Breast Cancer Research and Treatment

, Volume 21, Issue 2, pp 139–145 | Cite as

Comparison of pain, motion, and edema after modified radical mastectomy vs. local excision with axillary dissection and radiation

  • Lynn Gerber
  • Marsha Lampert
  • Carol Wood
  • Mary Duncan
  • Teresa D'Angelo
  • Wendy Schain
  • Harold McDonald
  • David Danforth
  • Peggie Findlay
  • Eli Glatstein
  • Marc E. Lippman
  • Seth M. Steinberg
  • Catherine Gorrell
  • Allen Lichter
  • Ernest Demoss
Report

Summary

Recent data suggest that prognosis is similar for women with primary breast cancer whether they receive modified radical mastectomy (MRM) or local excision and axillary dissection with radiation (XRT). The effects of either of these treatments on arm mobility, pain, or edema have not been compared. To assess the impact of MRM or XRT on mobility, pain, or edema, we evaluated patients treated in a prospective randomized trial designed to assess prognosis following MRM or XRT. All were provided a standardized physical therapy program including arm mobilization, shoulder strengthening, prevention and treatment of upper extremity edema, and education about arm function.

Patients were evaluated for chest wall pain, arm motion, muscle strength, and edema as determined by circumferential measurements at the wrist, forearm, and arm. Evaluations were performed preoperatively and at yearly anniversaries of their surgery. Women receiving XRT had more chest wall tenderness at 1 and 2 years after surgery than those receiving MRM (p2<0.0001 and p2=0.0007 respectively). Those receiving MRM were slower to reach their preoperative range of motion (ROM) (p2=0.043). Incidence of muscle weakness was similar in both groups. The few patients with local recurrence of tumor had more upper extremity edema than those who did not recur (p2=0.085) at 1 year and (p2=0.02) at 2 years. In patients who did not develop local recurrence, those who had received XRT had greater but nonsignificant increases in upper extremity circumferential measures compared with those receiving MRM at any anniversary evaluation.

Patients receiving MRM and XRT are likely to have some differences in functional outcome. These differences may be important to individuals and be significant in helping them choose between MRM and XRT based upon individual functional needs.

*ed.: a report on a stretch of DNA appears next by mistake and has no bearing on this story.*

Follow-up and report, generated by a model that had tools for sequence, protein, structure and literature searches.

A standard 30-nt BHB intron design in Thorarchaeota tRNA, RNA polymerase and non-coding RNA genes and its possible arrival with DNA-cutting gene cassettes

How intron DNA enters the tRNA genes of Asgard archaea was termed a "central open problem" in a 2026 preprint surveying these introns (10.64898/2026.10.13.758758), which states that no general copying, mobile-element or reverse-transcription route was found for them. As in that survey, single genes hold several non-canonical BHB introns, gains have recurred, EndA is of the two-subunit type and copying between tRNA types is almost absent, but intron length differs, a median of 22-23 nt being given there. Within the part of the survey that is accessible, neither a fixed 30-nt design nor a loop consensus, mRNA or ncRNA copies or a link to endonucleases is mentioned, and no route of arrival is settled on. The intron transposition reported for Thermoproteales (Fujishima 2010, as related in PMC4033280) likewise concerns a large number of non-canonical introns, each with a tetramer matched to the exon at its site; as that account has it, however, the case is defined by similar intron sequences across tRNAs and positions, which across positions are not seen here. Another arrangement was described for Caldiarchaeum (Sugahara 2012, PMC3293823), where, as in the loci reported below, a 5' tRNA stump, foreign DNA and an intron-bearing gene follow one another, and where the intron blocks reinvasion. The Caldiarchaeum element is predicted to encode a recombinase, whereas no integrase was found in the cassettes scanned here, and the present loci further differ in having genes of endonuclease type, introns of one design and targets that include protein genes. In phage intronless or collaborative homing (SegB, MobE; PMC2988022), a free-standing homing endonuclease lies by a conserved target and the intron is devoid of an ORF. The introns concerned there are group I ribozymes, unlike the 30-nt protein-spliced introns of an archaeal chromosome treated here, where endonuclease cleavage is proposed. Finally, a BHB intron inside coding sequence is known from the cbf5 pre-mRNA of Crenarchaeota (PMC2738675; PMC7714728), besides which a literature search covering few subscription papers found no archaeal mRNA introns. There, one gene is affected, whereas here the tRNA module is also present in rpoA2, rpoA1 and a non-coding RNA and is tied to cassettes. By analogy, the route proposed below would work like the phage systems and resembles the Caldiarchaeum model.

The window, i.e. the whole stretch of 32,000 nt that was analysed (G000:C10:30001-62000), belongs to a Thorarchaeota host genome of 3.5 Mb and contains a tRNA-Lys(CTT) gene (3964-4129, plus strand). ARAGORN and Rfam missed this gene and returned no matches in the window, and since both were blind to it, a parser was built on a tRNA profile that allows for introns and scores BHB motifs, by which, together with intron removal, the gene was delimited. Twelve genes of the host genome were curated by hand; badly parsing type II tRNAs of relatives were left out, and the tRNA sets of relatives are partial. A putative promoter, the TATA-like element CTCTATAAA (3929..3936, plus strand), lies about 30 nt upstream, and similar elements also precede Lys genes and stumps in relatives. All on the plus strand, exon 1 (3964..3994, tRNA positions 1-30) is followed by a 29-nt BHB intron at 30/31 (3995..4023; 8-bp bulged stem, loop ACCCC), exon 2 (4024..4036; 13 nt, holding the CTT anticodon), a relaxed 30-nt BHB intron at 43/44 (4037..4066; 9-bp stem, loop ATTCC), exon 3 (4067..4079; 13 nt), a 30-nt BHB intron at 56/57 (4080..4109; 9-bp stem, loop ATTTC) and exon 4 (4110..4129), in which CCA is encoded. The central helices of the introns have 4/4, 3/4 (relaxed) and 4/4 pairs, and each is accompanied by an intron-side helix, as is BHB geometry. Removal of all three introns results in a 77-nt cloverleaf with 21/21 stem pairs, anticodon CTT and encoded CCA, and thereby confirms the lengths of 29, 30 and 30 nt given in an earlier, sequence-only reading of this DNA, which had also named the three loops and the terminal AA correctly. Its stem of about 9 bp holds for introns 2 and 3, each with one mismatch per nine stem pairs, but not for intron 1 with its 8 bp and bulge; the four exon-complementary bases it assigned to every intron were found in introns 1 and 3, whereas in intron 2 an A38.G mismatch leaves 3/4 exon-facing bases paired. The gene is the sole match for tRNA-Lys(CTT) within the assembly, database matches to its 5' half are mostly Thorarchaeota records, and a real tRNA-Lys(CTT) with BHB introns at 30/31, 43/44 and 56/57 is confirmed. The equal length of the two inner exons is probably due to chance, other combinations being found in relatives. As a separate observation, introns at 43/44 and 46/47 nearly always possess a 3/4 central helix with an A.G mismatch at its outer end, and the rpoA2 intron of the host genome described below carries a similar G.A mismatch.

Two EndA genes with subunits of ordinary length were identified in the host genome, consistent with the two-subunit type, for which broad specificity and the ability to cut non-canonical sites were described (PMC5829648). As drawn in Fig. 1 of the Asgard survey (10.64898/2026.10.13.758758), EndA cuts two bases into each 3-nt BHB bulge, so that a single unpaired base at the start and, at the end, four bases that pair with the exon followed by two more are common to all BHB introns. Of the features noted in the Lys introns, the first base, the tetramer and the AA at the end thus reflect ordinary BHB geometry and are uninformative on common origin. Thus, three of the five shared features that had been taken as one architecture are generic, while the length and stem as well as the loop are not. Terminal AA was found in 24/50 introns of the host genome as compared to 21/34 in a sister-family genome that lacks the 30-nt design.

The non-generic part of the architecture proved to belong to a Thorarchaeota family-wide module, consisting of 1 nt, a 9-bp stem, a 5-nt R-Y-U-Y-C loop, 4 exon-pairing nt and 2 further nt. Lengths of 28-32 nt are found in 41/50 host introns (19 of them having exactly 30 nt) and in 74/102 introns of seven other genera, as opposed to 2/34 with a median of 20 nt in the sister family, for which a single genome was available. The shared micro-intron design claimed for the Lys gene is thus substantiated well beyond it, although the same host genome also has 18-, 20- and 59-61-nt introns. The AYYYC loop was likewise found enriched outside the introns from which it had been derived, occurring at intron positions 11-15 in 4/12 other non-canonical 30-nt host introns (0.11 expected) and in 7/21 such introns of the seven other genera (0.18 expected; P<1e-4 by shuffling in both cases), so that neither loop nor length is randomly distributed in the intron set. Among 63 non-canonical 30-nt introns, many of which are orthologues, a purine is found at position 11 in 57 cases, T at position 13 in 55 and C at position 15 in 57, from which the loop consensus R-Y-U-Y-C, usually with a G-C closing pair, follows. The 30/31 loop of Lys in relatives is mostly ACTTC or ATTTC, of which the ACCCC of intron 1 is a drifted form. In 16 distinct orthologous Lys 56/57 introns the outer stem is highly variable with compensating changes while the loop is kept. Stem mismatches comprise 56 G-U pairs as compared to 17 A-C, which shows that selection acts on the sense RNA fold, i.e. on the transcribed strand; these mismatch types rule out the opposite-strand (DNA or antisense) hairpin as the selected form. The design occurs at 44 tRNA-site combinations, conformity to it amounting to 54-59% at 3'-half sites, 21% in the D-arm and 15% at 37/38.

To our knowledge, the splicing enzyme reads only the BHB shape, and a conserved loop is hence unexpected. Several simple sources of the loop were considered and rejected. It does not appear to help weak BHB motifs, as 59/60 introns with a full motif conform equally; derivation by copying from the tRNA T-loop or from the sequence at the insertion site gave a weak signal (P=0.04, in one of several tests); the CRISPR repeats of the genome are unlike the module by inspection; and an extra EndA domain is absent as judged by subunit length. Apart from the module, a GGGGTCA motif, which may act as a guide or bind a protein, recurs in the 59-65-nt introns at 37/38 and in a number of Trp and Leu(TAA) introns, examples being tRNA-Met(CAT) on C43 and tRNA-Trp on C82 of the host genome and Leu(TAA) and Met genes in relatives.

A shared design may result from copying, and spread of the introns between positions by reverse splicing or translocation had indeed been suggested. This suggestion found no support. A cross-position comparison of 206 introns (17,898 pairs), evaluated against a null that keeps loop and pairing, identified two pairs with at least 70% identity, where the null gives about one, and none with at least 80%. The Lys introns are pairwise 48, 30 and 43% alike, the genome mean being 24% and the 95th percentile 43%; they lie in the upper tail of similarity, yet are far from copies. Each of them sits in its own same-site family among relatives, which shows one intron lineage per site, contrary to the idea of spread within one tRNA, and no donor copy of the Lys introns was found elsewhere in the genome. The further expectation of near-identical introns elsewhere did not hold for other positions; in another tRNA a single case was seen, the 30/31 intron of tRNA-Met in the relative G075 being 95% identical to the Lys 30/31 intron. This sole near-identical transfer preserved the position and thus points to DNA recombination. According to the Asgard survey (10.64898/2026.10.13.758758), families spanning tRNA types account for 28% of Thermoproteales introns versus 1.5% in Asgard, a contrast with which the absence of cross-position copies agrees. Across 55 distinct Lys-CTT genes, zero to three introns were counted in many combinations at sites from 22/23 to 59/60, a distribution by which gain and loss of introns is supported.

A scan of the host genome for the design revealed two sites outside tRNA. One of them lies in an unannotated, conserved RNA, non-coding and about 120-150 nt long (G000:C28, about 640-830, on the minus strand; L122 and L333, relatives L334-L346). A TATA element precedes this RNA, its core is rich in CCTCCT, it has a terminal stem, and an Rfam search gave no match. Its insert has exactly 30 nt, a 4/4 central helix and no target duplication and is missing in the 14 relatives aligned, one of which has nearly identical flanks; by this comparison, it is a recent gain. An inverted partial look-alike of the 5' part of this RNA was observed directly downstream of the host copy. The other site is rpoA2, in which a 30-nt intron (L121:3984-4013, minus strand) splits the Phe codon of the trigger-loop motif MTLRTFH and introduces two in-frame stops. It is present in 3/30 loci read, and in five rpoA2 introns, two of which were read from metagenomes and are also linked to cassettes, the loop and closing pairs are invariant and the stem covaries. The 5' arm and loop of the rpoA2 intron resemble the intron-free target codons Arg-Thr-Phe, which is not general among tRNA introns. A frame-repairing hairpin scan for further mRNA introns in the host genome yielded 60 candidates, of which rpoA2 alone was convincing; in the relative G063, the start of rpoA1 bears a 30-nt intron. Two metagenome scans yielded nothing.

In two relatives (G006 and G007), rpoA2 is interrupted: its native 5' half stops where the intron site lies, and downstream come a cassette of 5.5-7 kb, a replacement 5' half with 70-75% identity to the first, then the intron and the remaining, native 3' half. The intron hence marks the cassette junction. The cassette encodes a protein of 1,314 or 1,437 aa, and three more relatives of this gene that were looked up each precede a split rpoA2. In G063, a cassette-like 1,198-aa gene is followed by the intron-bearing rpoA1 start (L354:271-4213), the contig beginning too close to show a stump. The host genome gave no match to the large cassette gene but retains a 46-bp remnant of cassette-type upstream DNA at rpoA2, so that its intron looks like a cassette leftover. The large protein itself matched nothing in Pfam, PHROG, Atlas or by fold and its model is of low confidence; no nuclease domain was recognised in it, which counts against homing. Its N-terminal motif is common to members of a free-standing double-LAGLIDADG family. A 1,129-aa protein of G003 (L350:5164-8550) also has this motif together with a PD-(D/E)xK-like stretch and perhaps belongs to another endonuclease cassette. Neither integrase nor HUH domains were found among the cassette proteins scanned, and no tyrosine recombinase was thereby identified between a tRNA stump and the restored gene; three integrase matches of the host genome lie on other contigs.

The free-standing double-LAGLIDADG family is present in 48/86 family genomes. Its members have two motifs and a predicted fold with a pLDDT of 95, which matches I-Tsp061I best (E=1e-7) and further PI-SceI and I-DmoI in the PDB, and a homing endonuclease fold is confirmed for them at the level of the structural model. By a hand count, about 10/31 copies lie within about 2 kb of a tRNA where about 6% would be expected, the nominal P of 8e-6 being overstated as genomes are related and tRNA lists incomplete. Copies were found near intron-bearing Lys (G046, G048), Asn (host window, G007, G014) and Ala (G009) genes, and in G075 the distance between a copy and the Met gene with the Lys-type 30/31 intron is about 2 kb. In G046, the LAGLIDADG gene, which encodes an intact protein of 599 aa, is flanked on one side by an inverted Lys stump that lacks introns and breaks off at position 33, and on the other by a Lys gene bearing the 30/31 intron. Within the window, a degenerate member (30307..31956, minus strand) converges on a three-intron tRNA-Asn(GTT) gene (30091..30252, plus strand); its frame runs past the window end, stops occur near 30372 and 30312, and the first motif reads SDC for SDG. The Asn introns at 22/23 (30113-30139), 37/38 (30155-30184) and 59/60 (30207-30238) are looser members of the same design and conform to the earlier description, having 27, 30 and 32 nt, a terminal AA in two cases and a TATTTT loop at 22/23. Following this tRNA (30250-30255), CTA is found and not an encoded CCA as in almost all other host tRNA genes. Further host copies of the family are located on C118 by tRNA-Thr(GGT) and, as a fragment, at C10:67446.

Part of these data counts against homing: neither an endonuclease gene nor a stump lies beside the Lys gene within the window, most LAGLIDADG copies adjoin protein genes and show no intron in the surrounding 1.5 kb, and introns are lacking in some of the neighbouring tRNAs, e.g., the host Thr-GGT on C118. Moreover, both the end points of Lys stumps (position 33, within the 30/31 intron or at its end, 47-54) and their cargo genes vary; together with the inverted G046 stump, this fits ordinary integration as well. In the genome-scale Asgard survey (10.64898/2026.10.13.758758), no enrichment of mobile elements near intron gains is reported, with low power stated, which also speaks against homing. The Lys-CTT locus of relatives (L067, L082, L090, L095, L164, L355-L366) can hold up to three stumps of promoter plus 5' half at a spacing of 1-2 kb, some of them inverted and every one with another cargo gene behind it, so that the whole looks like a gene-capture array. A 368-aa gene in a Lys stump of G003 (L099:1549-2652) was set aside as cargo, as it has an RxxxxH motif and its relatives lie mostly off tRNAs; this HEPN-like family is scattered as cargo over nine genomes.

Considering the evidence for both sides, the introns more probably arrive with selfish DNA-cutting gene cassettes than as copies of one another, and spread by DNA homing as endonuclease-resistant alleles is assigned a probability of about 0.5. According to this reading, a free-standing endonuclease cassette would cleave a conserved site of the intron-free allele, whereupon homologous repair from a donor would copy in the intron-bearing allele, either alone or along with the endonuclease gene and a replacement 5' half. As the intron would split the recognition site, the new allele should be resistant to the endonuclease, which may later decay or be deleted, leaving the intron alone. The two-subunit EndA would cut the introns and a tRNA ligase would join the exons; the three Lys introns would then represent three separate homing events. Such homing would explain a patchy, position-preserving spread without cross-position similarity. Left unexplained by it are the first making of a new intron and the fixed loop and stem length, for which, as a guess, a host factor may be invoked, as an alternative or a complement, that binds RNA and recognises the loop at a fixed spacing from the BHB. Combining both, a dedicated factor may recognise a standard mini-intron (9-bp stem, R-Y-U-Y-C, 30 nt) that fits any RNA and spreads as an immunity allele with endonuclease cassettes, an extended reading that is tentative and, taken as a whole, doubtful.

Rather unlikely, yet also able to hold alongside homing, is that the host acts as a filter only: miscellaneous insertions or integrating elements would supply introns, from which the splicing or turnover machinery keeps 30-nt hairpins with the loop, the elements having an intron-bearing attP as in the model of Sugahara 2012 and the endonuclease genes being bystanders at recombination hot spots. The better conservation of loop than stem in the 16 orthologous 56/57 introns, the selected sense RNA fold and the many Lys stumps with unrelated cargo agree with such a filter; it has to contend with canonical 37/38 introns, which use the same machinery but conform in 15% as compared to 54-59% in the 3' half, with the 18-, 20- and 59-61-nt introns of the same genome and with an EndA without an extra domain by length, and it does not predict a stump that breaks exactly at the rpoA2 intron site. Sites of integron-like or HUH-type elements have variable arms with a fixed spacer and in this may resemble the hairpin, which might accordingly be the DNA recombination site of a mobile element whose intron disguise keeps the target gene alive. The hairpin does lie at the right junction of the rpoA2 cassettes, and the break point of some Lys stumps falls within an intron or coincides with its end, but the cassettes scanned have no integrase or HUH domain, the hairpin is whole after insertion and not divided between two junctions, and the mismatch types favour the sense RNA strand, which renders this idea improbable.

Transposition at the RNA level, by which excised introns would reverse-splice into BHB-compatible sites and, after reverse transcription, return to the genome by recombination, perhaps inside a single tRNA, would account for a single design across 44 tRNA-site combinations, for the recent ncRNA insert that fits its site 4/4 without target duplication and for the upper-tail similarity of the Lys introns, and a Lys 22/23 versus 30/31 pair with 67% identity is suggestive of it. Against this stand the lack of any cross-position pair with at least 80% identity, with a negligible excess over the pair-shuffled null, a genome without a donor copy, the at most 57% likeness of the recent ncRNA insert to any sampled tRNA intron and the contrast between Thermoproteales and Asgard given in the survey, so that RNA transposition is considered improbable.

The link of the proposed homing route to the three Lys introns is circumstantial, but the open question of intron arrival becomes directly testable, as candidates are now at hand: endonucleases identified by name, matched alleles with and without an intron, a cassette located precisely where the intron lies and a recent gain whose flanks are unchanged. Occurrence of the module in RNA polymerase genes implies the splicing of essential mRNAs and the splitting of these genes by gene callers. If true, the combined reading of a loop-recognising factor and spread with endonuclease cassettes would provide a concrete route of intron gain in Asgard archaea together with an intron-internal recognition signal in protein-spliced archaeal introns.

Key words

breast cancer conservation treatment local excision mastectomy radiotherapy rehabilitation surgery 

Preview

Unable to display preview. Download preview PDF.

Unable to display preview. Download preview PDF.

References

  1. 1.
    Halsted WS: The results of operations for the cure of cancer of the breast performed at Johns Hopkins Hospital from June, 1889 to January, 1894. Johns Hopkins Hosp Bull 4: 497–555Google Scholar
  2. 2.
    Urban JA, Baker HW: Radical mastectomy in continuity with an en bloc resection of the internal mammary lymph node chain. Cancer 5: 992–1008, 1952PubMedGoogle Scholar
  3. 3.
    Auchincloss H: Significance of location and number of axillary metastases in carcinoma of the breast: A justification for a conservative operation. Ann Surg 158: 37–46, 1963PubMedGoogle Scholar
  4. 4.
    Veronesi U, Sacozzi R, Del Vecchio M,et al.: Comparing radical mastectomy with quadrantectomy, axillary dissection, and radiotherapy in patients with small cancers of the breast. N Engl J Med 305: 6–11, 1981PubMedGoogle Scholar
  5. 5.
    Fisher B, Bauer M, Margolese R,et al.: Five-year results of a randomized clinical trial comparing total mastectomy and segmental mastectomy with or without radiation in the treatment of breast cancer. N Engl J Med 312: 666–673, 1985Google Scholar
  6. 6.
    Lasry JM, Margolese RG, Poisson R, Shibata H, Fleischer D, Lafleur D, Legault S, Taillefer S: Depression and body image following mastectomy and lumpectomy. J Chron Dis 40: 529–534, 1987PubMedGoogle Scholar
  7. 7.
    Pollard K, Callum KG, Altman DG,et al.: Shoulder movement following mastectomy. Clin Oncol 2: 343–349, 1976PubMedGoogle Scholar
  8. 8.
    Atkins H, Hayward JL, Klugman DJ,et al.: Treatment of early breast cancer: A report after 10 years of a clinical trial. Br Med J 2: 423–429, 1972PubMedGoogle Scholar
  9. 9.
    Winick L, Robbins GF: The post mastectomy rehabilitation group program. Structure, procedure, and population demography. Am J Surg 132: 599–602, 1976PubMedGoogle Scholar
  10. 10.
    Lotze MT, Duncan MA, Gerber LH,et al.: Early vs. delayed shoulder motion following axillary dissection. Ann Surg 193: 288–295, 1981PubMedGoogle Scholar
  11. 11.
    Wood C, Gerber LH: Rehabilitation of the patient with breast cancer. In: Lippman ME, Danforth DN,et al. (eds) Diagnosis and Management of Breast Cancer. W.B. Saunders, Philadelphia, 1988, pp. 457–467Google Scholar

Copyright information

© Kluwer Academic Publishers 1992

Authors and Affiliations

  • Lynn Gerber
    • 1
  • Marsha Lampert
    • 1
  • Carol Wood
    • 1
  • Mary Duncan
    • 1
  • Teresa D'Angelo
    • 2
  • Wendy Schain
    • 5
  • Harold McDonald
    • 3
  • David Danforth
    • 3
  • Peggie Findlay
    • 2
  • Eli Glatstein
    • 2
  • Marc E. Lippman
    • 4
  • Seth M. Steinberg
    • 6
  • Catherine Gorrell
    • 2
  • Allen Lichter
    • 2
  • Ernest Demoss
    • 3
  1. 1.Department of Rehabilitation MedicineWarren Grant Magnuson Clinical Center, NIHUSA
  2. 2.Radiation Oncology Branch, NCIUSA
  3. 3.Surgical Branch, NCIUSA
  4. 4.Medicine Branch, NCIUSA
  5. 5.Consultant in Clinical CareWarren Grant Magnuson Clinical Center, NIHUSA
  6. 6.Biostatistics and Data Management Branch, NCIUSA

Personalised recommendations